No. You will not be a princess because we do not believe in monarchy in this house. Do you understand me? Do you understand me, Gloria Steinem Kondabolu?


KONDABOLU: Now, you walk into your tent and you finish your quinoa and beets, and you bring your sister Bell Hooks Kondabolu out here...


KONDABOLU: ...And have her explain to me why I found a box of Monopoly in her room with the bank still in it.

GROSS: That's Hari Kondabolu from his new album "Waiting For 2042." So the part of your performance that we just heard is about how you're offered all these, like, stereotype roles and, like, what are they thinking? Do they know anything about you or your act? Why are they offering you this? So do you think, like, you will write something for yourself sometime - a TV show or a movie so that you could play a part that you wanted to play?

KONDABOLU: Absolutely. I mean, I want to write my own stuff, and, you know, it would be nice to put myself in it. But I would like to hope that there are going to be better roles offered as well and that I don't need to do everything. You know, like, I appreciate my career being somewhat DIY, but it would be nice to get some help.


KONDABOLU: I mean, certainly, like, you know, Jim Gaffigan cast me in a pilot for CBS two years ago as a vegan cashier at a vegan bakery, and I am not vegan. I'm actually a bit chubby, and I eat everything. I eat in a way - if my parents fed me the way I choose to eat as an adult, they would've lost custody.


KONDABOLU: You know what I mean? Like, I have no - I have no limitations. And so, like, that to me was like he just saw me as a funny comedian who could play this role and could figure it out.

GROSS: You first did stand-up when you were in high school, right?


GROSS: So what was your comedy like when you were in high school? Do you remember any of your really early jokes?

KONDABOLU: A lot of my early material was Indian-centric stuff, lots of accents. I used accents. I talked about my parents. I mean, it was stuff I'm not proud of, but, you know, the goal was to make people laugh and that's all - the only goal I had was to make people laugh. The idea of being true to myself or - I mean, to be fair, like, I really didn't have a self. I was 17, you know.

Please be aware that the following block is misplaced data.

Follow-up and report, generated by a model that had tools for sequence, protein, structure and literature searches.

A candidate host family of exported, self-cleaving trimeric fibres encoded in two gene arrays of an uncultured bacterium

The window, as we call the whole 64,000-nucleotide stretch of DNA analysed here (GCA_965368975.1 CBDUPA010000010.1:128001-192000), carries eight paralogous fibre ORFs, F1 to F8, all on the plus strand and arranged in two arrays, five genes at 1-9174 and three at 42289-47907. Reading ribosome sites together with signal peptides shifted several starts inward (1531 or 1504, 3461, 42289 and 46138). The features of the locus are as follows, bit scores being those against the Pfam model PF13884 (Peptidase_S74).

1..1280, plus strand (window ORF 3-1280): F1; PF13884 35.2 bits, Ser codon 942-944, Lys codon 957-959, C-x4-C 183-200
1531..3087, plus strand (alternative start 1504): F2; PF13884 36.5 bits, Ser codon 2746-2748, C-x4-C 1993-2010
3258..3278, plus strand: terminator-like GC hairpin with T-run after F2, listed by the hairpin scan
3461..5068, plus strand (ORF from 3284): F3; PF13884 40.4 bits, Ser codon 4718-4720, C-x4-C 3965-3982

GROSS: Right.

KONDABOLU: I had no real firm opinions at that point. So if the goal was to get the high of making people laugh, well, then mission accomplished. You know, I'm still doing it, so...

GROSS: At the risk of embarrassing yourself, would you be willing to share some of that early material?

KONDABOLU: Oh, lord.


KONDABOLU: You know, I talk about things my father would say with his accent. I don't do that anymore, obviously, but at the time it was like, it if worked, it worked.

GROSS: Why don't you do that anymore?

KONDABOLU: It doesn't - first of all, I don't do impressions well. That's not the main reason, but that should be noted, to begin with. It's hard having an accent in this country, and you are judged based on it. And I can imagine that it must be hard for my folks to work twice as hard to communicate.

And also the idea that when maybe my father says something, and he walks away, the idea that people are laughing because what he said is funny to them because of how he sounds crushed me when I thought about it. And the idea that I was contributing to that, it was hard. I've been saying this on stage.

Like, my father should be judged based on the content of his words and actions and not the accent that comes with it because he does a lot of ridiculous things that have nothing to do with his accent. And I think that's kind of how I've been approaching it. Like, they're human beings, and they should be viewed as parents and human beings and not just a series of funny sounds.

GROSS: Hari Kondabolu, thank you so much. It's really been fun.

KONDABOLU: Oh, it's been great, Terry. Thank you.

GROSS: My interview with Hair Kondabolu was recording in April. His album is called "Waiting For 2042." We have an interview with John Oliver in the second half of the show. I'm Terry Gross, and this is FRESH AIR.